What: The Journey II: A Motorcycle Odyssey Across Africa
When: Saturday, Aug. 1, 8:30 p.m.
Todd Lawson and Christina Tottle don't look like your typical team of avid motorcyclists - they're not dressed in leather chaps or Harley T-shirts. In fact, when they aren't out on the road, they're more at home behind the lens of a camera and inside a yoga studio, respectively.
A former golf professional, Lawson is originally from Stony Plain, Alberta, and has a background in journalism and photography. He moved to Whistler back in 2002, and has lived in the community on and off since then, using this as his home base for his extensive travels.
Tottle moved to Whistler from Winnipeg in 1999. The pair were introduced through a mutual friend here in Whistler, and actually met for the first time at Alta Lake Station House.
"I bought my first bike and got into the world of motorcycles in South Africa," Lawson explained. "My brother was racing motorbikes in Cambodia... and we met in South Africa, in Cape Town, in 1999."
His brother, Sean, suggested taking a quick, spur of the moment trip, and that's all it took - Todd was hooked.
"The world of motorcycle travel is like no other," he said. "There's freedom that you experience on an unprecedented scales, it opens your eyes, every day you feel like a kid."
But shortly after Todd's eyes were opened to motorcycling, Sean suddenly passed away.
"We were on the road, we were traveling on our motorcycles and he got diagnosed with cerebral malaria and he passed away in four days," Todd recalled.
There are four different strains of malaria, and while it is a treatable condition, there is no cure or inoculation for it. They had chalked Sean's flu-like symptoms up to a bug, and hadn't thought much of it.
"It's treatable if you catch it in time," Lawson said, pausing. "We didn't catch it in time..."
Five years later, Todd decided to fulfill one of Sean's dreams, to ride across South America on a motorcycle. Tottle decided to come along, even though she'd never ridden before.
"Since I met Todd, we're now ridden 38 countries," Tottle said.
"Over 67,000 kilometres," Lawson chimed in.
The pair tries to camp as much as possible during their journeys, so they can immerse themselves in the great outdoors.
"You're with all the elements, so the sounds, the feelings, the weather, the cold, the hot: you're there," Tottle said, smiling broadly.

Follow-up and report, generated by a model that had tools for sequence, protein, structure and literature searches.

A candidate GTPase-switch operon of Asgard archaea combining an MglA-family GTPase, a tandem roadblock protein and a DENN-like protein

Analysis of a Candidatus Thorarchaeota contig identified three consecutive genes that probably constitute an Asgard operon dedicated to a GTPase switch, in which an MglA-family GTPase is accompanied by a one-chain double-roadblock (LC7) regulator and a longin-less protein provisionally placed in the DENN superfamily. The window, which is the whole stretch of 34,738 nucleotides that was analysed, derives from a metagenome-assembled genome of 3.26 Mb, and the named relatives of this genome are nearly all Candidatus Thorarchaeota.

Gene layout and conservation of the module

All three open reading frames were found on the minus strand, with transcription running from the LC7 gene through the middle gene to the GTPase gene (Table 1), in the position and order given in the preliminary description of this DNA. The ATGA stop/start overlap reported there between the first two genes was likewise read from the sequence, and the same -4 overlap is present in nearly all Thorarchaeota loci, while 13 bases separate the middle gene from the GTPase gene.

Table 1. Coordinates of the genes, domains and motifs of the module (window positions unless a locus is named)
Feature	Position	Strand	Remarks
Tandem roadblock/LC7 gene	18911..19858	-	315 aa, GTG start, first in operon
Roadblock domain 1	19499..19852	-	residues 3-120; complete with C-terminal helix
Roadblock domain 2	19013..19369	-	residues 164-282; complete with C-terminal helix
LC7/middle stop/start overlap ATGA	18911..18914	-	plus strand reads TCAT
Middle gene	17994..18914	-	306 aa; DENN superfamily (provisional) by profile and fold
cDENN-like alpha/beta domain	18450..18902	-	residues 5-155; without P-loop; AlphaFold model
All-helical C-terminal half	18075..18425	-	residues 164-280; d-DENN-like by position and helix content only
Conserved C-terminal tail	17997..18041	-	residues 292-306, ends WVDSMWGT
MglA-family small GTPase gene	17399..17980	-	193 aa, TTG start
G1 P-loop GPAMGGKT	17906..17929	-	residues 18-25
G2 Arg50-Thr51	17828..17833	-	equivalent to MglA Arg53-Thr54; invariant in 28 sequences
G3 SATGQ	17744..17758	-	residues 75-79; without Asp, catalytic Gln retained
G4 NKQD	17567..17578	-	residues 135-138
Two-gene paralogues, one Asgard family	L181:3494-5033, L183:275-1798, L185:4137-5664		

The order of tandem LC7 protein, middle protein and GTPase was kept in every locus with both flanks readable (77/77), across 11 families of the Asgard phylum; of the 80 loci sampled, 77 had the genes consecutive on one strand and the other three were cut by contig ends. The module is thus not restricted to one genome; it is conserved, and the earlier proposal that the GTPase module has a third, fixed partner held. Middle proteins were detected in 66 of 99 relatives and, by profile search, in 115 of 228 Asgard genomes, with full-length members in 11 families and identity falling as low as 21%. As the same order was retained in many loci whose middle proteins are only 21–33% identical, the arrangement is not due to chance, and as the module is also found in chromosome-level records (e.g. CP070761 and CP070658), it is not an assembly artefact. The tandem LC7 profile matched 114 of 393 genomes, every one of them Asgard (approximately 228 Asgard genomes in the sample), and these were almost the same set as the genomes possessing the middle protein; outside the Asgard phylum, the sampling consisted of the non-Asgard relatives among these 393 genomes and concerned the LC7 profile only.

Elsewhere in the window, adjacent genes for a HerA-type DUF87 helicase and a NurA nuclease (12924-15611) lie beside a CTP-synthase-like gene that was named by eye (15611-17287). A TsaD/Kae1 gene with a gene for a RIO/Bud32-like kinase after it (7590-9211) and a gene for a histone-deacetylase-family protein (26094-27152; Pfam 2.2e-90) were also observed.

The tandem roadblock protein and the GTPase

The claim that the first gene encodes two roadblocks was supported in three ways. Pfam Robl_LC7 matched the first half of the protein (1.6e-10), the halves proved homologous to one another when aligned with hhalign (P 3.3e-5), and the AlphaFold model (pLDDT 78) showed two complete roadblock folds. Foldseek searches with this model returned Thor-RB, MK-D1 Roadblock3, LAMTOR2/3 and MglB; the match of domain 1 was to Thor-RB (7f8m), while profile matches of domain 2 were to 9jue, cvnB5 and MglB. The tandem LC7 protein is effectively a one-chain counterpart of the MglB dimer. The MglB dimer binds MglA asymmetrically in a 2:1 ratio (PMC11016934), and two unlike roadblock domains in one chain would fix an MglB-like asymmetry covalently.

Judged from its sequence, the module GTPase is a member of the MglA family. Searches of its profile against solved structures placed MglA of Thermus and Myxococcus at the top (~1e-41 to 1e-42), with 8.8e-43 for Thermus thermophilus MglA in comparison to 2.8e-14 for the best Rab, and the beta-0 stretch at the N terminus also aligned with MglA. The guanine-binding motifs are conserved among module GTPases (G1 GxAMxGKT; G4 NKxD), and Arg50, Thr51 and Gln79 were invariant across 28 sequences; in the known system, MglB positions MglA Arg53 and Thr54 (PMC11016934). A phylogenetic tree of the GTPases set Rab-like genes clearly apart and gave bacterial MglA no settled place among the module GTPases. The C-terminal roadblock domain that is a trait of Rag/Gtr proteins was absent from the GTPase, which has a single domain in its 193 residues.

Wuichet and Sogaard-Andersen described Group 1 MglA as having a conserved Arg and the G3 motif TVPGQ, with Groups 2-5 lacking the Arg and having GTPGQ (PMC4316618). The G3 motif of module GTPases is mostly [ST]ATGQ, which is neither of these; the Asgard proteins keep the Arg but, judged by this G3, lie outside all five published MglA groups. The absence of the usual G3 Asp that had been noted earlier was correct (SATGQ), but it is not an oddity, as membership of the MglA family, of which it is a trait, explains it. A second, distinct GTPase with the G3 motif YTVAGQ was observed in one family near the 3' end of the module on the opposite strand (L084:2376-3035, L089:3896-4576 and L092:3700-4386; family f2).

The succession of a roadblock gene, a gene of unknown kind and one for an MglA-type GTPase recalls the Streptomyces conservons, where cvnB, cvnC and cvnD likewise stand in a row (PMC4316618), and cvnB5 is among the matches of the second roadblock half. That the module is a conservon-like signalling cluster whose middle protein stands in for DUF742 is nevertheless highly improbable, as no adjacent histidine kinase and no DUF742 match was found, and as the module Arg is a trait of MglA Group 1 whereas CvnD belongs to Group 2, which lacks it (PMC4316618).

In fall of 2004, the pair left Whistler, traveling for 19 months and hitting every country in the Americas. After returning home to Whistler, the adventurous duo still had the travel bug.
"We had such an incredible outpouring of love and acceptance from the Latin people," Lawson recalled.
After returning from their trip, they decided to share their experience with family and friends, and fellow travelers, the only way they really could - through photography.
"People always ask us when we're on the road, 'why are you taking my picture?' and it's just to share with our friends and family and people back home, so they can understand the different cultures," he said.
They decided to host a slideshow at the GLC, which raised an unprecedented $4,000.
"We didn't really know the response that we were going to get, and it was really overwhelming, people were just kind of blown away," Lawson said.
They decided to tour with the show, traveling throughout the Sea to Sky corridor, then on to Edmonton, Winnipeg, Fernie and Nelson and continue raising money.
In the midst of the tour, they formed the Sean Lawson Young Travellers Foundation, with the mandate of taking children on educational journeys, taking them out of their villages and classrooms to promote education through experience, rather than a textbook.
"It's sort of passing on Sean's inspiration, as well, because he encouraged us to do what we've done," Tottle said.